Green-News: Thursday 1.29.09

  • Experts fear global warming could create dead zones in the ocean, carbon dioxide-heavy ecosystems devoid of sea life, and these pockets of environmental inactivity could last for up to two millennia. Runoff from agriculture is already causing dead zones; the AFP explains.
  • Using available acreage for growing biofuel crops might exacerbate global food shortages and push up prices. That’s why South Korean scientists have developed a way to use marine algae or seaweed to produce ethanol, instead occupying land; NewScientist investigates.
  • The green industry could fire up the U.S. economy. In California, green-collar jobs are on the rise. Improved efficiency standards have created 1.5 million jobs over the last three decades, such as wind-energy technicians and solar panel installers; The Los Angeles Times reports.
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Green-News: Tuesday 1.27.09

  • The economy is suffering. And unemployment is rising. But green jobs are expected to boom, such as farmers, CSA coordinators, recyclers, conservation biologists and solar power installers. Currently, the solar industry employs over 25,000 workers, but it could leap to 110,000 by 2016; via FastCompany.
  • Speaking of community supported agriculture. There are plenty of reasons to eat local! Locally grown food tastes better, retains more nutrients, contains no genetically modified organisms, promotes genetic diversity, and is better for the environment and preserves open spaces; from Green Living Review.
  • Now, despite out obvious recession, interest in green products continues to grow. A new survey of 9,000 consumers revealed shoppers deliberately bought more green products in 2008 than any year before. In 2007, 32% of people sought green products, but in 2008 it increased to 34%; ENN reports.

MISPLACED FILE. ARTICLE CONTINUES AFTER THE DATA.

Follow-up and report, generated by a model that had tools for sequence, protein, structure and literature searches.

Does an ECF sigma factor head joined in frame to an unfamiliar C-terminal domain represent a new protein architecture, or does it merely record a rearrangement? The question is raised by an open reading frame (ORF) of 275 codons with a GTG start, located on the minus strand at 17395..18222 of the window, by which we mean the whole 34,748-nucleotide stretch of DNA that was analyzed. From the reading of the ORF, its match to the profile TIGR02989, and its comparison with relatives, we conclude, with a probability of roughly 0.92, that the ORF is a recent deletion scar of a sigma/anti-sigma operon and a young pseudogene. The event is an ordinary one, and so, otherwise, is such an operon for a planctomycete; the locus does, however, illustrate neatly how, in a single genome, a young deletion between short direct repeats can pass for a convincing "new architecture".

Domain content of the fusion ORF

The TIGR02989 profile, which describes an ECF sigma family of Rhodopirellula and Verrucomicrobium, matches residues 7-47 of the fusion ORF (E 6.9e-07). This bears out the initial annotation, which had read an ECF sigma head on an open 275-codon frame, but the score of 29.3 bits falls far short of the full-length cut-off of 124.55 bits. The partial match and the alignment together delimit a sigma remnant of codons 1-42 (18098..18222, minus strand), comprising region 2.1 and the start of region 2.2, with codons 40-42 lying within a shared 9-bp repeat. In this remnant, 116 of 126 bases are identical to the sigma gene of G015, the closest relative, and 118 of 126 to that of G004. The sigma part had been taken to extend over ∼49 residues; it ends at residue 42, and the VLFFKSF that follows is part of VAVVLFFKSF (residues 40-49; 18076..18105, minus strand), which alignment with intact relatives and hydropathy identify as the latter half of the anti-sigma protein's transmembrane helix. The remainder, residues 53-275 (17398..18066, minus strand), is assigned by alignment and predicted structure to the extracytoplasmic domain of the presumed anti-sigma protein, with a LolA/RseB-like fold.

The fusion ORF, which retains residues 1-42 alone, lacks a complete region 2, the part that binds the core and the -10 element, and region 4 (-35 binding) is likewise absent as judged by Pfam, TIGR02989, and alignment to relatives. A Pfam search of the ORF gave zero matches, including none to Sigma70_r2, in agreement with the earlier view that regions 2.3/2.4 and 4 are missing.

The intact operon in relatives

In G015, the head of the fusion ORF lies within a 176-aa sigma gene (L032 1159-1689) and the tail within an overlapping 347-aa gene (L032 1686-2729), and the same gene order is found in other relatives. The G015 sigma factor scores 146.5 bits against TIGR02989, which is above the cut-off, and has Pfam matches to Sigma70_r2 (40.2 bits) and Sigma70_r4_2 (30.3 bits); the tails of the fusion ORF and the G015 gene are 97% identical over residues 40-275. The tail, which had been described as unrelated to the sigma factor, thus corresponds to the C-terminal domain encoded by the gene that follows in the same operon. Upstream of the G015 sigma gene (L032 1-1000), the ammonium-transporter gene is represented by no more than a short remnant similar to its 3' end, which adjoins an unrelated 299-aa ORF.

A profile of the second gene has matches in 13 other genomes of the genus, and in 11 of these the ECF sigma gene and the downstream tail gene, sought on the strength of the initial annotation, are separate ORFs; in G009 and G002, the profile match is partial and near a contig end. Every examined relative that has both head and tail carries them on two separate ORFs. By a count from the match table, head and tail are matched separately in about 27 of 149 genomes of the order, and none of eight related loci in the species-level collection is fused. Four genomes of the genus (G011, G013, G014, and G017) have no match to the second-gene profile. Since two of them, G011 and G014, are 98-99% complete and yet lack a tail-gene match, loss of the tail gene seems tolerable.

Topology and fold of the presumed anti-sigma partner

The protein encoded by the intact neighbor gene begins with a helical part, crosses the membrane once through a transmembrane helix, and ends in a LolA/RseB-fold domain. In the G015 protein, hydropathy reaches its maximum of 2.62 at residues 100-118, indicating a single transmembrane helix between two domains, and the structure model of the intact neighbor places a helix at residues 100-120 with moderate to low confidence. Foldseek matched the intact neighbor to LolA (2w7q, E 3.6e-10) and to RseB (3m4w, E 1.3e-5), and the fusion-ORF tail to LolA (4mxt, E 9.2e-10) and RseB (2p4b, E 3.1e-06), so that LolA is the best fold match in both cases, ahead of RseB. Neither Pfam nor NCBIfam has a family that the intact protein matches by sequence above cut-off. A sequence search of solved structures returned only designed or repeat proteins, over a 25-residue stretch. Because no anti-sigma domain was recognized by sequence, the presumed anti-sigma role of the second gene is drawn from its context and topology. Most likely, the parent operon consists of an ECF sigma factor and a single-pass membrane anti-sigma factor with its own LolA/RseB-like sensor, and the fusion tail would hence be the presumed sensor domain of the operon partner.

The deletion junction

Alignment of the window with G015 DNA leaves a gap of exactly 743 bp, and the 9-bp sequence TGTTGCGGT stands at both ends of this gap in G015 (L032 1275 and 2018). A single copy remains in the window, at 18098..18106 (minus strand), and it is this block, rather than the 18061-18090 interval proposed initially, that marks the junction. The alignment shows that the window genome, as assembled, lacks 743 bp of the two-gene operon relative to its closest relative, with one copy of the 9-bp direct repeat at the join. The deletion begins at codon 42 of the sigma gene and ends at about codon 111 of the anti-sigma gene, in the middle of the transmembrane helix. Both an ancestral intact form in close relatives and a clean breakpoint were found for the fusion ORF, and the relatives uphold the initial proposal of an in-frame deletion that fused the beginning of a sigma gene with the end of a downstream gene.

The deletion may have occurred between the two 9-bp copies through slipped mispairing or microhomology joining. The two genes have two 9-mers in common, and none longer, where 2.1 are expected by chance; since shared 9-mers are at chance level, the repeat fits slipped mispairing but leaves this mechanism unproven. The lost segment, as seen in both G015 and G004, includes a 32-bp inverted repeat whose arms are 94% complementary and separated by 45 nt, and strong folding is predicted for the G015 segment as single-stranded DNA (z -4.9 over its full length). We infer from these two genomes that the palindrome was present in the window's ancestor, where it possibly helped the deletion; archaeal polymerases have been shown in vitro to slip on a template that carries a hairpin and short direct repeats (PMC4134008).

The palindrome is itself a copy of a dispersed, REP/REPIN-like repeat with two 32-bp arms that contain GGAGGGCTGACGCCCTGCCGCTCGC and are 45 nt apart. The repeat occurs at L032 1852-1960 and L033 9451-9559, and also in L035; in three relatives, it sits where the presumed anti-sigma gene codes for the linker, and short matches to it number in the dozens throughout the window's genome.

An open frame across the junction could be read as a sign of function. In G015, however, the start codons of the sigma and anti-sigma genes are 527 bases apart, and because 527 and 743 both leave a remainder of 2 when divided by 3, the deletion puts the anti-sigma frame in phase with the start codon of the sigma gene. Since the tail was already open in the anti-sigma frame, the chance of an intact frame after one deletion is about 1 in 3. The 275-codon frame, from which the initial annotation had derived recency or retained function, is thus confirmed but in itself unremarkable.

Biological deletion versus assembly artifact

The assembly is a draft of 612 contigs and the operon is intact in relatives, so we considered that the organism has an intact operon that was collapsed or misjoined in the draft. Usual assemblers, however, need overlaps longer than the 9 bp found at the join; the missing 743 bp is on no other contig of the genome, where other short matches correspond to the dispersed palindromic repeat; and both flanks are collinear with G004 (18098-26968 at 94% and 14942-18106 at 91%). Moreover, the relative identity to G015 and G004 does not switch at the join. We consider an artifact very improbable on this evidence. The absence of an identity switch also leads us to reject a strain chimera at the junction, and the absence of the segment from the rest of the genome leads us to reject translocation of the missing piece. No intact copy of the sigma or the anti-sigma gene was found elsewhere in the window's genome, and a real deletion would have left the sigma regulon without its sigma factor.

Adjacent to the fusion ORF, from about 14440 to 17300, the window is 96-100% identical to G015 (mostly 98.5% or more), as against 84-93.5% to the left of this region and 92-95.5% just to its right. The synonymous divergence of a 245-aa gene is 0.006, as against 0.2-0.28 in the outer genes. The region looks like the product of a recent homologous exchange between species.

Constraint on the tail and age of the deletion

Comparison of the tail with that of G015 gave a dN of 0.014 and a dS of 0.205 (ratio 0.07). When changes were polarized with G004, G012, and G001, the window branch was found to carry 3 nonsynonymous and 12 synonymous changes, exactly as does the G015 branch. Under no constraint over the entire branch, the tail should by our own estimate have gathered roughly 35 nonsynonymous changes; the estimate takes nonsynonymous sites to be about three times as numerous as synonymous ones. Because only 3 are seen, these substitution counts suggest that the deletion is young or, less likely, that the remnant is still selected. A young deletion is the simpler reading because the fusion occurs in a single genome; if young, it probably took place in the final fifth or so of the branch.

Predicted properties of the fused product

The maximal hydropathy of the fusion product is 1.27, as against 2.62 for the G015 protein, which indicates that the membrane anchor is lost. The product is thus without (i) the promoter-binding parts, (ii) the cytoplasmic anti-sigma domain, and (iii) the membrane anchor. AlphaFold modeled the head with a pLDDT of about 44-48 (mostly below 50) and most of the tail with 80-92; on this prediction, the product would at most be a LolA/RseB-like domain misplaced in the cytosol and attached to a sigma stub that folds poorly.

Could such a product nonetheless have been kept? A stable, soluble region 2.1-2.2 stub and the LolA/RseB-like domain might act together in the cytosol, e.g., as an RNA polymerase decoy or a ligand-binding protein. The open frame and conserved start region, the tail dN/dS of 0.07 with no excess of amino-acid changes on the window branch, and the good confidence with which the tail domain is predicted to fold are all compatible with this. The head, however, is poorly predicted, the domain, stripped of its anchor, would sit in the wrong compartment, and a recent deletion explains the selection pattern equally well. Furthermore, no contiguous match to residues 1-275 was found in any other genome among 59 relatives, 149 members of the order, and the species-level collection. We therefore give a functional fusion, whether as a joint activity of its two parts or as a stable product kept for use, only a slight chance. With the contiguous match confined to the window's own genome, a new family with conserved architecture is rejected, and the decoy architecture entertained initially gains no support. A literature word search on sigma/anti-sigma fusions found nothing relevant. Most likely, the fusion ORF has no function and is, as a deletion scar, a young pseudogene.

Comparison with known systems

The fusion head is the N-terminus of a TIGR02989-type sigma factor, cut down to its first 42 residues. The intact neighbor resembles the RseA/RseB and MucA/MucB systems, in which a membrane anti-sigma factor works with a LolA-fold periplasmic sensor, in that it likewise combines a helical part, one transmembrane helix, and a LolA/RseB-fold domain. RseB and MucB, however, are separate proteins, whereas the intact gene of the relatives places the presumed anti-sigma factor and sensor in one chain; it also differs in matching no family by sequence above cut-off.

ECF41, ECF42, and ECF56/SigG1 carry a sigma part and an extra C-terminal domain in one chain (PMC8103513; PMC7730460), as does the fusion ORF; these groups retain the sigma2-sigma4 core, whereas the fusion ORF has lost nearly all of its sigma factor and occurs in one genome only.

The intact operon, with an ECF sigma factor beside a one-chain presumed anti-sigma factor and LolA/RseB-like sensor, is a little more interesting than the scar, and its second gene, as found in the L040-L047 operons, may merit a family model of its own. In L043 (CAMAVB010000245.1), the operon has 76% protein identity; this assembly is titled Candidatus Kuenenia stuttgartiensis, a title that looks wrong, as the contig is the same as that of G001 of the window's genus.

• Under the new administration, government officials are hopeful the "Bigger Better Bottle Bill" has its first real shot at becoming law. The legislation would impose a nickel deposit on non-carbonated beverage containers and invest unredeemed deposits into state cleanup programs; The Post-Standard explains.
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Green-News: Thursday 1.22.09

  • That dirty bottle with the red cap looks like trash. But it actually holds the first weapons-grade plutonium ever made. And no, it wasn’t found in some war-torn country. It was unearthed in Washington State, at an abandoned 1940s weapons plant; via NewScientist.
  • India has drawn a hard line against plastic bags. The capital city has banned all non-biodegradable shopping bags. And now, effective immediately, anyone caught with a plastic bag will face up to 5 years in prison and up to a $2,034 fine; DiscoBlog explains.
  • Southern China’s bustling factories are spewing a haze over Hong Kong, covering the famous harbor with pollution and threatening the city’s economy. Officials worry the poor air quality will force people to leave the city and no new people will move in; the AFP reports.
  • Creative agriculture may slow global warming. Planting crops, specifically those with waxy leaves, with traditional farm crops will reflect sunlight and reduce temperatures by 2 degrees in central North America and parts of Asia and Europe; via The New York Times.
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Green-News: Tuesday 1.20.08

  • Sorry spring-breakers, tequila is not good for the environment. The region of Mexico, where tequila is made, cannot re-grow blue agave cactuses, tequila’s prime ingredient, fast enough. The blue agave takes 6 years to mature and increased production has made tequila unsustainable; from NewScientist.
  • Climate change whacks the environment. But it also harms human health. And not just from pollution. An epidemic of nephropathia epidemica, which can cause internal hemorrhaging and death, in Europe is being blamed on booming vermin populations, due to warming temperatures; ScienceDaily explains.